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Torts Keyed to Goldberg
Smollett v. Skayting Dev. Corp.
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*Case Brief Anatomy includes: Brief Prologue, Complete Case Brief, Brief Epilogue
- The Brief Prologue provides necessary case brief introductory information and includes:
- Topic: Identifies the topic of law and where this case fits within your course outline.
- Parties: Identifies the cast of characters involved in the case.
- Procedural Posture & History: Shares the case history with how lower courts have ruled on the matter.
- Case Key Terms, Acts, Doctrines, etc.: A case specific Legal Term Dictionary.
- Case Doctrines, Acts, Statutes, Amendments and Treatises: Identifies and Defines Legal Authority used in this case.
- The Case Brief is the complete case summarized and authored in the traditional Law School I.R.A.C. format. The Pro case brief includes:
- Brief Facts: A Synopsis of the Facts of the case.
- Rule of Law: Identifies the Legal Principle the Court used in deciding the case.
- Facts: What are the factual circumstances that gave rise to the civil or criminal case? What is the relationship of the Parties that are involved in the case. Review the Facts of this case here:
On February 1981, Helene Smollett and her husband, Leonard, (collectively, Plaintiffs) went to a fundraiser at a skating rink owned by Skayting Development Corporation (Defendant). The skating area was raised about three to five inches above the surrounding floor space, which was carpeted. The skating area did not contain any guardrails. When Plaintiffs questions Defendant about the lack of guardrails, Defendant responded that the new rinks were regularly built without them as a safety precaution, such as Defendant wanted to avoid the guardrails from becoming loose and collapsing. Around the skating rink were signs, which stated,“skate at your own risk.” Smollett was an experienced skater, so she chose not to take the lesson that the fundraiser was offering. Also, the rink was extremely crowded; however, many of the skaters appeared to be young and/or inexperienced. After Smollett skated for about 90 minutes, on her last lap, a child fell in front of her. To avoid a colliding with the child, Smollett turned off of the rink and onto the carpet, causing her to break wrist. Plaintiffs brought suit against Defendant on the grounds that Defendant was negligent. Defendant asserted a defense, claiming Plaintiffs assumed the risk of injury. The jury found for Smollett, but not her husband. Also, the jury decided that Smollett was 50 percent liable, thus her damages should be reduced under the applicable comparative negligence statute. Following the verdict, Defendants motioned for judgment notwithstanding the verdict or, in the alternative, a new trial, and the judge denied the motion. Defendant appealed.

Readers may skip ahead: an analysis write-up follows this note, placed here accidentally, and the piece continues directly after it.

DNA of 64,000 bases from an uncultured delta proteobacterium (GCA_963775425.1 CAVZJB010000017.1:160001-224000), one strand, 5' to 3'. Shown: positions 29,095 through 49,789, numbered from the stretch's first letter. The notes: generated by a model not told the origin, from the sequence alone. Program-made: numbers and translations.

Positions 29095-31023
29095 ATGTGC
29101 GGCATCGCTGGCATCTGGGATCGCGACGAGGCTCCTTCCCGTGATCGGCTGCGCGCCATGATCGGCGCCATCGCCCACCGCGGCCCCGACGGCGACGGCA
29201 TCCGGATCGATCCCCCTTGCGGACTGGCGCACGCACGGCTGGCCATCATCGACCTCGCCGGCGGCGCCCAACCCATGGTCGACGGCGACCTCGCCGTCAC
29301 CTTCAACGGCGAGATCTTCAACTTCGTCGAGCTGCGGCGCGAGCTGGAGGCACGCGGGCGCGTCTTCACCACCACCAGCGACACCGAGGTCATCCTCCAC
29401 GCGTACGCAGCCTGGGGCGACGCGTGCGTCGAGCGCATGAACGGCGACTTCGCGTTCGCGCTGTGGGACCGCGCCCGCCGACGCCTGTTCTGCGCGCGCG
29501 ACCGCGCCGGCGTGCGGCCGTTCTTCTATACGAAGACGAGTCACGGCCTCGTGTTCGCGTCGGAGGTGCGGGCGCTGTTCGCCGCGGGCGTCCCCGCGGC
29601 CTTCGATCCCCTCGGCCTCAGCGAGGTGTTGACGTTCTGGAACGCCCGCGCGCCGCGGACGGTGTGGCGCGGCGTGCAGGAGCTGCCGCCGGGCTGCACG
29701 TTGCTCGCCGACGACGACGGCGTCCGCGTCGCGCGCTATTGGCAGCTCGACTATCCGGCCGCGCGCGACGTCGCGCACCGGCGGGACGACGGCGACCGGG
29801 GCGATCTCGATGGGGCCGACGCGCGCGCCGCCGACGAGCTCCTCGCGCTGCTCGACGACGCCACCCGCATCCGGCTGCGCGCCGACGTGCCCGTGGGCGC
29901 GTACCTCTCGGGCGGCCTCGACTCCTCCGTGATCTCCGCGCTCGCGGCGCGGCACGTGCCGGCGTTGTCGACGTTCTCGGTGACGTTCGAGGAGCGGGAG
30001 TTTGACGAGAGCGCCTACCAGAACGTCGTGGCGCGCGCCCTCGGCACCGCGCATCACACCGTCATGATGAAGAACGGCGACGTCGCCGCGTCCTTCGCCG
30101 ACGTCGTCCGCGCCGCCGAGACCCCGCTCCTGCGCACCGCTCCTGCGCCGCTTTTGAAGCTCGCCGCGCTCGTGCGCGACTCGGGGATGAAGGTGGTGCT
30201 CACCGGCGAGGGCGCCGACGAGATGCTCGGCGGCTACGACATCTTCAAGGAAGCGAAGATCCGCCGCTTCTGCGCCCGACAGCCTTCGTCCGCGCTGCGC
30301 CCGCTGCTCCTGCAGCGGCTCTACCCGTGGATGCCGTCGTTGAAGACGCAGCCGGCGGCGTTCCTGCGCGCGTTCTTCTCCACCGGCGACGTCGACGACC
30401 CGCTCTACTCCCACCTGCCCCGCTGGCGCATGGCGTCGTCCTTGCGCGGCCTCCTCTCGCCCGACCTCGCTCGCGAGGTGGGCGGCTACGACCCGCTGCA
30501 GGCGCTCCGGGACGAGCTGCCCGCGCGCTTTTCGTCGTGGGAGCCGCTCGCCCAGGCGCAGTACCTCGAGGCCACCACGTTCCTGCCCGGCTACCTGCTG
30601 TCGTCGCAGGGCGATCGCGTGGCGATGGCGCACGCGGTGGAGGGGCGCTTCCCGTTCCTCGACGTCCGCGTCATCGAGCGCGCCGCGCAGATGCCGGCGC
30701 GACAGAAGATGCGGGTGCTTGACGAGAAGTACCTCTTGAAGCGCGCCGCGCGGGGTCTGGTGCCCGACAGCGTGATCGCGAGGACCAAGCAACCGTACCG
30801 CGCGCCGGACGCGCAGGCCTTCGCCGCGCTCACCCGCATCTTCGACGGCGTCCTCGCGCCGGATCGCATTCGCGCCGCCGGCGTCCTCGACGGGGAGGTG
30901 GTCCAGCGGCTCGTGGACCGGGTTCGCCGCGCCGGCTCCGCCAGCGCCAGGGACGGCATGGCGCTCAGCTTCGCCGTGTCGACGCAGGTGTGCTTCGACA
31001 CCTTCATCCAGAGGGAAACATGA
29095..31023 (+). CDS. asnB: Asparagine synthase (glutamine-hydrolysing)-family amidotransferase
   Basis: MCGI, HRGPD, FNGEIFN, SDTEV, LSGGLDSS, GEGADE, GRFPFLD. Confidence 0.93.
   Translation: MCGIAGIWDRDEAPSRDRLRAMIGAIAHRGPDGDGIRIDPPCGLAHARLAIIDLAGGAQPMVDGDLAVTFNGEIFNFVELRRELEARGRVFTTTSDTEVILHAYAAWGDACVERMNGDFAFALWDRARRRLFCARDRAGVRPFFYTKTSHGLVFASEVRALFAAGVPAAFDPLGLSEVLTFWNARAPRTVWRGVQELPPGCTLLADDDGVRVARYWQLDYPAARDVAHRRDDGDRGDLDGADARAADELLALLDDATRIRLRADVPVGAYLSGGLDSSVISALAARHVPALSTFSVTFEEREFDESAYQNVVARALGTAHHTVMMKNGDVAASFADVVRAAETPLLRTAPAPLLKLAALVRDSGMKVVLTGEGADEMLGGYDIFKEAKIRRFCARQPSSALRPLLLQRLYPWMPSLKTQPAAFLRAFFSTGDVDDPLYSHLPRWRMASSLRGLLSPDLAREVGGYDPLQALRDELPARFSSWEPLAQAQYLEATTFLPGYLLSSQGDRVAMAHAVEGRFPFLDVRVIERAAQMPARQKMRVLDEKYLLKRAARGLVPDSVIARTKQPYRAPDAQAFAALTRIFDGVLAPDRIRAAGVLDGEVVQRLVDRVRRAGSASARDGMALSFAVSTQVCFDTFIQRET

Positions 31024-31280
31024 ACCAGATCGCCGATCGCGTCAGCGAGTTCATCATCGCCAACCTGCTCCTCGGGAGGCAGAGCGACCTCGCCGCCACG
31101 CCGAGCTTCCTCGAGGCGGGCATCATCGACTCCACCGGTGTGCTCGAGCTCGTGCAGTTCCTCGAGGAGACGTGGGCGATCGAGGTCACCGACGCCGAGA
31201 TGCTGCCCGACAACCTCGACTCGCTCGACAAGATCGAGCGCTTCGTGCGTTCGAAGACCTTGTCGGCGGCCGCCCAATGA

- Issue(s): Lists the Questions of Law that are raised by the Facts of the case.
- Holding: Shares the Court's answer to the legal questions raised in the issue.
- Concurring / Dissenting Opinions: Includes valuable concurring or dissenting opinions and their key points.
- Reasoning and Analysis: Identifies the chain of argument(s) which led the judges to rule as they did.
- The Brief Prologue closes the case brief with important forward-looking discussion and includes:
- Policy: Identifies the Policy if any that has been established by the case.
- Court Direction: Shares where the Court went from here for this case.